As previously announced on our Social Media, on the 20th of January the LeTSGEPs consortium was very happy to present the 3rd International Stakeholder Workshop in Barcelona and in hybrid mode. The workshop, beautifully organized and led by our dear partner ICM/CSIC, focused on a topic issue for Gender Equality Plans and Gender Budgeting in RPOs: the Gender dimension in research content and increase in the quality and societal relevance of produced knowledge, technologies, and innovations.
Il turned out to be a great success, with 85 participants on site and more than 160 viewers on line: a clue to the increasing interest of the research community on this field.
The welcome session accounted with the participation of:
- Valentí Sallarés, the ICM director, that welcomed the participants, and underlined the ICM’s commitment to equality and the important impulse given by the European project LeTSGEPs.
- Carmen Mayoral, vice president of the CSIC’s Women and Science Commission, that made a brief presentation of the CSIC, gave some key figures on the representation of women and men in the institution and introduced the two existing structures in relation to the promotion of equality, the Women and Science Commission and the Equality Commission.
- Tindara Addabbo, Full Professor at University of Modena and Reggio Emilia, and Horizon 2020 LeTSGEPs Project Coordinator, who elaborated more on the activities, achievements, challenges and future prospects of the LeTSGEPs Project. This presentation helped participants to get better acquainted with the Project’s background.
- Silvia Abad, Project Officer of LeTSGEPs at the Research Executive Agency, that underlined the commitment of the EC with gender equality and had words of support and recognition for the achievements of the LeTSGEPs project.
The event then explored the issue thanks to three 3 main presentations that outlined different perspectives, each of them contributing to highlight different aspects but with a mutual enrichment:
Aleksandra Drecun, member of the MISANU RRI Council, a LeTSGEPs partner, centred her intervention on Gender and research in the European framework. She reminded the persisting gender gaps present in the research sector and the need for specific actions to overcome them. She also underlined the European Commission commitment with the promotion of gender equality in research and innovation, and how it has its reflex in the European Commission Gender Equality Strategy for 2020-2025 (which sets out the Commission’s commitment to equality across all EU policies), and also reaffirmed in its main research funding instrument, Horizon Europe.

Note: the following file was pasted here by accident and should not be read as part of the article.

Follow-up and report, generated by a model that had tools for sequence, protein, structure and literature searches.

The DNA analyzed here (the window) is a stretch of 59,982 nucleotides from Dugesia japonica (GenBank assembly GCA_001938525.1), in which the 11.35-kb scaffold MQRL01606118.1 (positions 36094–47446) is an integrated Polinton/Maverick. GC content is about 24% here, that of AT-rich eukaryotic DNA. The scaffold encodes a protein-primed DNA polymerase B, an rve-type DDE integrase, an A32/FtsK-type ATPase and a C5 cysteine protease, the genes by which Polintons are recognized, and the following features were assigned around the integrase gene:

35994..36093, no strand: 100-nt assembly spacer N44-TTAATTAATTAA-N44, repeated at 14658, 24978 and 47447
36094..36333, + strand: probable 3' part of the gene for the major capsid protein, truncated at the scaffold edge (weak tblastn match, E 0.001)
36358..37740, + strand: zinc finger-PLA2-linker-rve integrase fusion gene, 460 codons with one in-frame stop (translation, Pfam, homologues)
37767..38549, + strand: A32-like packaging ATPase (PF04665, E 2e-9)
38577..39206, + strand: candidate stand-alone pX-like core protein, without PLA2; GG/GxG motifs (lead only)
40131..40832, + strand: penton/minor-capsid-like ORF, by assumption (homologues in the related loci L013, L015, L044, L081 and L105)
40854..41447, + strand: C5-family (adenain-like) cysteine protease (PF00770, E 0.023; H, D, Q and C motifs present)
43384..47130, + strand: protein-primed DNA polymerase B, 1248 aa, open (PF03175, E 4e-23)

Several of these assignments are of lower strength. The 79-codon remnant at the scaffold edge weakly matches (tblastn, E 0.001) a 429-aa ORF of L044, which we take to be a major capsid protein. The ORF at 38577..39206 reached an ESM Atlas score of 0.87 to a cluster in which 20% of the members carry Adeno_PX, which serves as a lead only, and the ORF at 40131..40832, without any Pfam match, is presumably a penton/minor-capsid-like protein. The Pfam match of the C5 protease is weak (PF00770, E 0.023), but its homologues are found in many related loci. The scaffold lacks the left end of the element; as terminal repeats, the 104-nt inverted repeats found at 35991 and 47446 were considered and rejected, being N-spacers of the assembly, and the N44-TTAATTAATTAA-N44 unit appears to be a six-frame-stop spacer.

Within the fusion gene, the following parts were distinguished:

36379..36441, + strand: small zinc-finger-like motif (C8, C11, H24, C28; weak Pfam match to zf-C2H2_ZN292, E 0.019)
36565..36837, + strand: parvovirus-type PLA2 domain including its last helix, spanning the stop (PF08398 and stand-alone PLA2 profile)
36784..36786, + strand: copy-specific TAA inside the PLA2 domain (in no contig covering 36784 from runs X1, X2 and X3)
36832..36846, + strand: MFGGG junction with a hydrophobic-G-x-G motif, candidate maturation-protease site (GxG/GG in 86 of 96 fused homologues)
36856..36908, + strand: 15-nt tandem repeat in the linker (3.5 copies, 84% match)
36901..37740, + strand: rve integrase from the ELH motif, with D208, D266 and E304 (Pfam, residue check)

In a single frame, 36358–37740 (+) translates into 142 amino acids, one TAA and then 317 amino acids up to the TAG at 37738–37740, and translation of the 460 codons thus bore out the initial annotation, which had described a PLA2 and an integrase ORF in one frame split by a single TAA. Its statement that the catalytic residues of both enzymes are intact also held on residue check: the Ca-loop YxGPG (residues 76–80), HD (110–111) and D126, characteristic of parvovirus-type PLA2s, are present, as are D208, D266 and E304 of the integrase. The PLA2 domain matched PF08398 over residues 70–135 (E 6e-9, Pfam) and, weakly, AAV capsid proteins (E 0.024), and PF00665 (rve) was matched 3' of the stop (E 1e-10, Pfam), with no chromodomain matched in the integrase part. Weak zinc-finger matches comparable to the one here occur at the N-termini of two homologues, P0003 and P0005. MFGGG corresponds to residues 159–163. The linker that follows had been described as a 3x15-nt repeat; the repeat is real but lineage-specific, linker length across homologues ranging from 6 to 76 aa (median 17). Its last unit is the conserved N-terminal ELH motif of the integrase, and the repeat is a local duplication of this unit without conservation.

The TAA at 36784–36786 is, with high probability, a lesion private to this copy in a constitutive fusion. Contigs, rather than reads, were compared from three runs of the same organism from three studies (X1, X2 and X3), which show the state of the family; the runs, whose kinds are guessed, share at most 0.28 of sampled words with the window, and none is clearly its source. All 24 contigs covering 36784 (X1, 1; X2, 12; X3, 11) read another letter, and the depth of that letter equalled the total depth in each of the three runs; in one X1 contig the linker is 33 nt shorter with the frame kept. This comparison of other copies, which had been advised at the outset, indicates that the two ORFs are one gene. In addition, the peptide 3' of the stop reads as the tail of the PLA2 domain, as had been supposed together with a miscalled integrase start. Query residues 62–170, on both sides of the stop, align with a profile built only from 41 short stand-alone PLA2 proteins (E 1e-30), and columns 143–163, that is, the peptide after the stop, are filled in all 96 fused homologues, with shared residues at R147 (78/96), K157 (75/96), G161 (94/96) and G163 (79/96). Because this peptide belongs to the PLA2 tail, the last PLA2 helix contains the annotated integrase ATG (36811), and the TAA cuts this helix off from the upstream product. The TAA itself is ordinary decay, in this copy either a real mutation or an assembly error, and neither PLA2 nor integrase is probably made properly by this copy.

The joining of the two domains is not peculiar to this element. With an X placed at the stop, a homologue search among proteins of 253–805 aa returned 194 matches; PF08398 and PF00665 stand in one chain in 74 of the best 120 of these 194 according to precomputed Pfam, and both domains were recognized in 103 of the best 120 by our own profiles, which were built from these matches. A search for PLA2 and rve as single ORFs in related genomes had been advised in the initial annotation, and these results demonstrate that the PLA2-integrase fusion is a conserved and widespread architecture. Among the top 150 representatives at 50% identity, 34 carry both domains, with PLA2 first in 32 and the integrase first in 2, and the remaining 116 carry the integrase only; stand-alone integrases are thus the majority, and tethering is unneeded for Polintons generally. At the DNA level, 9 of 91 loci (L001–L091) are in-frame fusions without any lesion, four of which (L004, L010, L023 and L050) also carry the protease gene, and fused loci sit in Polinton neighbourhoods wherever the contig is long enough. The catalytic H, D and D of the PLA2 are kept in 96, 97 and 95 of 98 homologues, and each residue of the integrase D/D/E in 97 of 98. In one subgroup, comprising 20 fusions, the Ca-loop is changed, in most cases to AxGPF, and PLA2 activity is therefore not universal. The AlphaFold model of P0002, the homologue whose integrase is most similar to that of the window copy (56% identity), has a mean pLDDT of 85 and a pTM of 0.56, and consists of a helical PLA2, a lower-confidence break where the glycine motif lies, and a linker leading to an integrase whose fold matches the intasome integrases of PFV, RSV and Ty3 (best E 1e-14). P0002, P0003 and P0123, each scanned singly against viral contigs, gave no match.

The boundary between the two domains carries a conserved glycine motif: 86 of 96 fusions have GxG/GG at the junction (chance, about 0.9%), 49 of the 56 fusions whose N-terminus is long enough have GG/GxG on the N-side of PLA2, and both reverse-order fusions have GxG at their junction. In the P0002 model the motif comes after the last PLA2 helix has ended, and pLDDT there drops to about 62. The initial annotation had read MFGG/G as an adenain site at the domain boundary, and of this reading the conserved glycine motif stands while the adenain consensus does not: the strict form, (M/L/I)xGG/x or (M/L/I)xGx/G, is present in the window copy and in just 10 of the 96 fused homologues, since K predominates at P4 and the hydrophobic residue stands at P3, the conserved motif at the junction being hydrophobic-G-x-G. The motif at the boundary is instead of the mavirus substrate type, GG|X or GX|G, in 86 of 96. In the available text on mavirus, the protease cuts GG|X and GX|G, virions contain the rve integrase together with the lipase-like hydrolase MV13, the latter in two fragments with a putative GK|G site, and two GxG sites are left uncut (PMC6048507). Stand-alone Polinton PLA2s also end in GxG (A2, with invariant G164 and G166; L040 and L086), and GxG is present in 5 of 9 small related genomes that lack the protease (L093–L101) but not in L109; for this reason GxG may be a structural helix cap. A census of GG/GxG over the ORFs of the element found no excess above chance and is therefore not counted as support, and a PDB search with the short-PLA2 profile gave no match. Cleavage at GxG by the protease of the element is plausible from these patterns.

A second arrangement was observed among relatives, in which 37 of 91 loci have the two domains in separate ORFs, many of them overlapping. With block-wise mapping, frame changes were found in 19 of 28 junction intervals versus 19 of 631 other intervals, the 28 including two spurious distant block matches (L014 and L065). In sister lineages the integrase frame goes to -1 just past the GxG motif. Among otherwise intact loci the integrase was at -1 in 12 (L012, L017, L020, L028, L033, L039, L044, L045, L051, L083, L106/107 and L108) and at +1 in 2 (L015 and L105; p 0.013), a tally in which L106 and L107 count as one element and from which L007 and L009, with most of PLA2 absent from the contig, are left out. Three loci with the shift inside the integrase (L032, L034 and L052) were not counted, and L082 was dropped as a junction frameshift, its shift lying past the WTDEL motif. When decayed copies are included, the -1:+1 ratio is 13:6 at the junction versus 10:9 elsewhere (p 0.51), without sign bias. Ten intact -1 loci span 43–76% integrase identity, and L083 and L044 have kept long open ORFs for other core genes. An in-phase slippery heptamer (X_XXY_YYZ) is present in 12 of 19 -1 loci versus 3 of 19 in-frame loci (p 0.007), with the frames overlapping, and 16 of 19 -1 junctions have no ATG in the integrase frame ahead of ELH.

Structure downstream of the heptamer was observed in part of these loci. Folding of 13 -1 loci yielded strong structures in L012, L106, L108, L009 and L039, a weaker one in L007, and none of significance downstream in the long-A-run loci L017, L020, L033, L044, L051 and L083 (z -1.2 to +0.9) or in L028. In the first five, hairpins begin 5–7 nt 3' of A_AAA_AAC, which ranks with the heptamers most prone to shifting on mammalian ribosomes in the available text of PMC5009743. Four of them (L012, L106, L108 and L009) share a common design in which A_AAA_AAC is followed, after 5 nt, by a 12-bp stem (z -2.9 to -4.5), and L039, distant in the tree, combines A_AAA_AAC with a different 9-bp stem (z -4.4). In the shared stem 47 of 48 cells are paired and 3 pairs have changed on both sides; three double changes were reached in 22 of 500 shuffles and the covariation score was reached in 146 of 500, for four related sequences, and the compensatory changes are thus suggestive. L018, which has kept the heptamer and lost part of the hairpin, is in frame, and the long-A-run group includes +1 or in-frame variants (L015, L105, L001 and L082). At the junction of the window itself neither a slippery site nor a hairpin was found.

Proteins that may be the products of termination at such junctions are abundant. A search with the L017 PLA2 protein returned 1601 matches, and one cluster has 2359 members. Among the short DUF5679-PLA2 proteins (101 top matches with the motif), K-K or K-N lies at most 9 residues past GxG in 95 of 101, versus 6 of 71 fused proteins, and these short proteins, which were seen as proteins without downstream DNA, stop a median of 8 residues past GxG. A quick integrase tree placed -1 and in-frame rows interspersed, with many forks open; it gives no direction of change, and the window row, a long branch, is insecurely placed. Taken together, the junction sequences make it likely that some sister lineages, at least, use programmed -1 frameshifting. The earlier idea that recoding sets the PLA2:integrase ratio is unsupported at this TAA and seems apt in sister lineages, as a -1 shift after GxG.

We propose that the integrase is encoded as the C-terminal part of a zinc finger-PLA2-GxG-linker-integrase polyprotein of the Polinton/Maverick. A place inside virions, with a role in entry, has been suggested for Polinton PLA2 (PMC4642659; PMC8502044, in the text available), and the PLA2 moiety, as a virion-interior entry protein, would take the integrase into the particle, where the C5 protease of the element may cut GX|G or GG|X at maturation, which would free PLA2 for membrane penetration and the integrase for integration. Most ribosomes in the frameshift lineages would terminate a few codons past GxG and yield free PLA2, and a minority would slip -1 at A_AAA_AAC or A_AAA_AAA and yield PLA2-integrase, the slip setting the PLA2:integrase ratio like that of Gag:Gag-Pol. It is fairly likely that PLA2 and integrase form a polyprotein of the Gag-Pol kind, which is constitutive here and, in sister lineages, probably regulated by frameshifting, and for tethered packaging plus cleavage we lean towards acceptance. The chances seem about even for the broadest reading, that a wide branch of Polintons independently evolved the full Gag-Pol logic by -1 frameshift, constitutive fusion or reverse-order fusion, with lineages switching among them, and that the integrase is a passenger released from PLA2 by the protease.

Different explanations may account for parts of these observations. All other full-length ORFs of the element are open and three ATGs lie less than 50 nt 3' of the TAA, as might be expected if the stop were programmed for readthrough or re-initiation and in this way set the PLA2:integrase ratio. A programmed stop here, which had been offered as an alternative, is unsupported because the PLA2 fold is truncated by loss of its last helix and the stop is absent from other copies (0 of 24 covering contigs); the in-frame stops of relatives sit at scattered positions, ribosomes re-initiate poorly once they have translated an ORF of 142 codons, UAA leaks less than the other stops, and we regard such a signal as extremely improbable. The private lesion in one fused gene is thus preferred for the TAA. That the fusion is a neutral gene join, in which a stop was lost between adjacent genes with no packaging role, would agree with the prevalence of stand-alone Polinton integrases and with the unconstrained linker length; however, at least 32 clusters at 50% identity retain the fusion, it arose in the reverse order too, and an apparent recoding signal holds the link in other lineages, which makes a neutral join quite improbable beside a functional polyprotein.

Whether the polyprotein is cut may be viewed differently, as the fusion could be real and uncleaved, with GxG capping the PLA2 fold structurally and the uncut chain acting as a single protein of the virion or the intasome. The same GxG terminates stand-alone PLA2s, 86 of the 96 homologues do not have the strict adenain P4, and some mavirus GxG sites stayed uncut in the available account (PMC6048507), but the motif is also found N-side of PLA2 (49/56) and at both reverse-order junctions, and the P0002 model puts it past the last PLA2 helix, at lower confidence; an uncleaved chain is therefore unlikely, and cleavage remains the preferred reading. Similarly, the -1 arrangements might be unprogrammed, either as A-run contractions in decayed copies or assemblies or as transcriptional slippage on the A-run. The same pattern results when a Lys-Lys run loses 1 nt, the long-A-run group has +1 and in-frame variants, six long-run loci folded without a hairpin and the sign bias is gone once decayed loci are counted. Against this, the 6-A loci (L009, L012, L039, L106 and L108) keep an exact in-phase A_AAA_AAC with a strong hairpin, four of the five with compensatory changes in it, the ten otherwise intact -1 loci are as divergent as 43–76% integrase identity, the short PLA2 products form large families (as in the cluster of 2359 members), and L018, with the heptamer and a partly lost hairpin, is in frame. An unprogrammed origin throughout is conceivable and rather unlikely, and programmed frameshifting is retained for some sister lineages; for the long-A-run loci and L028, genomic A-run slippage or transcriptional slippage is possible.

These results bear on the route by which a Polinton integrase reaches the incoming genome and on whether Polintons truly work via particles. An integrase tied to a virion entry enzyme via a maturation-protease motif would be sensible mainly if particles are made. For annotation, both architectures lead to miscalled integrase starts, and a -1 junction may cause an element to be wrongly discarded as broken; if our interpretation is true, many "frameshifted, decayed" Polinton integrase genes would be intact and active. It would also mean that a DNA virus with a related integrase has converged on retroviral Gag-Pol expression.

Pat O’Connor, Professor Emeritus of Sociology and Social Policy, University of Limerick (Ireland), gave a lecture entitled Gendered power is irrelevant in higher education institutions and other research performing organisations. Her speech particularly focused on gendered power and its indicators at a structural and cultural level, highlighting the legitimating discourses that obscure that power including those around excellence, choice, biological essentialism, and organisational gender neutrality. She also introduced us to different manifestations of institutional resistance to gender equality, from denial of problem to failure to undertake substantive change or actions to dismantle changes that have been achieved. Finally, she raised the question of whether change is possible, and she concluded that this change is difficult but possible.
Helena Valve, from Finnish Environment Institute SYKE, introduced us the GenderWave tool, designed under the Horizon 2020 project Baltic Gender. This tool was designed to support incorporation of gender perspectives into marine research and innovation projects (but not limited to). She remained that research can have gendered impacts (there is growing evidence) and that it cannot be ignored by researchers and practitioners.
In many fields of knowledge, the sex variable and the gender dimension are still not sufficiently considered. There is serious risk that “neutral” research and innovation, being sex and/or gender blind, may have biased results that affect women and men differently by not considering their diversity.
The presentations led to significant reflection and dialogue between the speakers and the participants, which made it possible to establish the following conclusions as the main ones:
- It is a key challenge for the RPO to meet the new EC demands. Most of our organizations are immerse in the implementation of GEPs aimed to leading systemic institutional change. This change should be structural, sustainable, and permanent to achieve true gender equality.
- As structural barriers to gender equality in research and innovation organizations persist (from women under-representation in most STEM fields, to lack of gender balance in research groups, persistence of vertical and horizontal segregation or significant gender gaps in access to research funds), and there is still much work to be done.
- No research, in any field, should be gender blind. If relevant gender issues are missed or poorly addressed, research results will be partial and potentially biased. Gender can be an important factor in research excellence. The integration of gender dimension in research needs to be addressed by staff with appropriate skills and competencies and adequate tools but that also requires institutional commitment (and action) to gender equality.
Once again, International events, like this one, have proven to be a privileged space for the exchange of knowledge and good practices around key issues on gender equality and the gender dimension in research, and for strengthening networking and synergies between RPOs.
For those who missed the event, the full recording is available here: https://www.youtube.com/watch?v=nqLY7uRETMM